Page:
Robert Luber

President and Founder of R. Luber Appraisal Services

Founders Award (2009)

Robert Luber is the President and Founder of R. Luber Appraisal Services. His family has supported Accelerated Cure Project for many years. In 2009 Robert received ACP’s Founders Award and was recognized at the 2009 “Opening Doors” Recognition Dinner.

Robert’s story about his fight with MS

October 1987 marked a major turning point in my life. Up until that point, I was enjoying myself at a liberal arts college in Worcester, MA. When I was a senior in college, my first MS symptoms appeared. The first exacerbation included a complete numbness of my face, lips, hands, and feet as well as the development of an unusual walk. I also experienced blurred vision. Being the smart college boy that I was, I assumed that all I had was a pinched nerve and continued with life as usual at school for the next two weeks. When I went home one weekend, I was fortunate to have a family physician friend complete a quick neurological examination on me. This led to a referral to a neurologist, who prescribed the requisite MRI, CT Scan, evoked potentials exam, and a rather unpleasant spinal tap. The results were conclusive; I had Relapsing Remitting Multiple Sclerosis.

When I was diagnosed 22 years ago, the only treatments available were steroids, which simply masked the symptoms, and although they would disappear for a short period of time, they were likely to return. Fortunately for me, upon my return to school after my diagnosis, the largest exacerbation I have had to date completely disappeared without steroids, and I graduated from college on time in May 1988.

Ten years after my initial diagnosis of MS, my unusual walk became more pronounced, and my right hand became completely numb. As I was earning an MBA, the diagnosis of my disease was changed from Relapsing Remitting to Secondary Progressive. At this point, the obstacles to overcome presented an ever-greater challenge. I was learning to live with a new type of MS that would involve wearing an orthotic device on my right leg because of a chronic foot drop and eventually the full-time use of a one arm crutch. I also became clumsier with dexterity issues, and stumbling on a rise in the sidewalk became a frequent occurrence. I also began to trip and fall more frequently.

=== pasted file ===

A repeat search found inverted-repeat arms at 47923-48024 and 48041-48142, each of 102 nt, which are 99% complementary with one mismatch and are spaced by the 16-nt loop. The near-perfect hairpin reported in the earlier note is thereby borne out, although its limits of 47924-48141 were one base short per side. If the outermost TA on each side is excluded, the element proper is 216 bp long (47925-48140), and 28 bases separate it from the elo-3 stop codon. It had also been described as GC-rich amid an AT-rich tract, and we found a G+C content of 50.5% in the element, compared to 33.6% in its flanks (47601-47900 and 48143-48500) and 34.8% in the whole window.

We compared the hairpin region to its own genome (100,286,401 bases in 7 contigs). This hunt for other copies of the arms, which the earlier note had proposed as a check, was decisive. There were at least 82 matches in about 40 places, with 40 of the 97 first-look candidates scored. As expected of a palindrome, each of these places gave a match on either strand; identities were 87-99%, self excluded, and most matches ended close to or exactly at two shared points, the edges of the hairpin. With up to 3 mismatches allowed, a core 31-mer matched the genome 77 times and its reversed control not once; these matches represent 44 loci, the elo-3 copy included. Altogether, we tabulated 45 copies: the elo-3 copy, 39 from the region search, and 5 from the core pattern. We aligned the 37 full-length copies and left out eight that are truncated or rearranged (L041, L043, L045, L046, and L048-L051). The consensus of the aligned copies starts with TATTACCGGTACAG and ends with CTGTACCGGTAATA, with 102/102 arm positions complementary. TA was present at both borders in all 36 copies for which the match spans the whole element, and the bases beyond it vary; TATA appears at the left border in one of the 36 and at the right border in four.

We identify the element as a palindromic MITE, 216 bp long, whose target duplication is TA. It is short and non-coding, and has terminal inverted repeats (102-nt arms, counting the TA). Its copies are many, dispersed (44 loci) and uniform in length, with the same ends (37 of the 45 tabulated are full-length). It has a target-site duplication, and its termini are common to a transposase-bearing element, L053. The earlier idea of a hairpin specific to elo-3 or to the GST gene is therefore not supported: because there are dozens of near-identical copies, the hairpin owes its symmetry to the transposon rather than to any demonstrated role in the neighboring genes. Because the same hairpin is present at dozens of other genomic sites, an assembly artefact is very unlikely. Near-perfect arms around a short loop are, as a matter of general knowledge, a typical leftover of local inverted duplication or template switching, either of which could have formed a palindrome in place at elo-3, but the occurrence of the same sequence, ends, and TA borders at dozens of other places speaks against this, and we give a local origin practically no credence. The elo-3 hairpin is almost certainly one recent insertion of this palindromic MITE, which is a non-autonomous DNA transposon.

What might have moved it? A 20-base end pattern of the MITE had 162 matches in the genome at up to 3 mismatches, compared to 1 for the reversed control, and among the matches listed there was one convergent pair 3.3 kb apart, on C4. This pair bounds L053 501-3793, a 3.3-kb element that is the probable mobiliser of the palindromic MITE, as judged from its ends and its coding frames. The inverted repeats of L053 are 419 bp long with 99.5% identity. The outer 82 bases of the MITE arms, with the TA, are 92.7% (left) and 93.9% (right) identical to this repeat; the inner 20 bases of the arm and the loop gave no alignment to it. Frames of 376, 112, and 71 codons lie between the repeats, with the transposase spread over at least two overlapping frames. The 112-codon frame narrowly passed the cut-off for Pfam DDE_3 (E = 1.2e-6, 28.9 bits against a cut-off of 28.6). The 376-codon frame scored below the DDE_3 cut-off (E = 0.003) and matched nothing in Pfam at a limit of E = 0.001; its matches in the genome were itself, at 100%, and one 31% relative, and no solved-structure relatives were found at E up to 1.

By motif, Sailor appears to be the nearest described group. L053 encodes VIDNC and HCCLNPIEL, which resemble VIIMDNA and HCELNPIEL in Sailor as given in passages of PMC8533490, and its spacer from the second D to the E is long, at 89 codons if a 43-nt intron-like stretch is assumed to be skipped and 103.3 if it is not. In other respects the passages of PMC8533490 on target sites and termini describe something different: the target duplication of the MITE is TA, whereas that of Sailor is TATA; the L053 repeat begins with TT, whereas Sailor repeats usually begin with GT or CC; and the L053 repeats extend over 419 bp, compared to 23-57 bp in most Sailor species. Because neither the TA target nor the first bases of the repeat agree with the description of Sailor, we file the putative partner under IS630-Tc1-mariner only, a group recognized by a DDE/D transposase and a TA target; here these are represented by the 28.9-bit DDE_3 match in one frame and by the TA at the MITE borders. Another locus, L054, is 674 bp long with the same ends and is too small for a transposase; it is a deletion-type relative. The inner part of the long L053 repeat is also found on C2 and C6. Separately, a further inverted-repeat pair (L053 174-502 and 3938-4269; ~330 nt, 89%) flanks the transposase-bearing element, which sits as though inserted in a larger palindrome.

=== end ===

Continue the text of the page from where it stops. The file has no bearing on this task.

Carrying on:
I guess that as a person with MS, who was diagnosed 22 years ago, I can consider myself one of the lucky ones because I have been relatively stable with no increase in my symptoms in the past ten years. This does not mean by any stretch of the imagination that I am content. I have lost, perhaps forever, my ability to walk unencumbered or play touch football with my children in the back yard. Also, as you can imagine, walking into any public place with a handicap leaves one feeling self-conscious and takes a lot of courage.

Granted, I have no idea where the future of this disease will take me but I have learned to be existential in my thinking regarding the illness, and I try not to project too much into the future. I am, however, optimistic and hopeful that one day we will find a cure or, even better for me, a reversal of the MS symptoms that have already taken so much away from my life.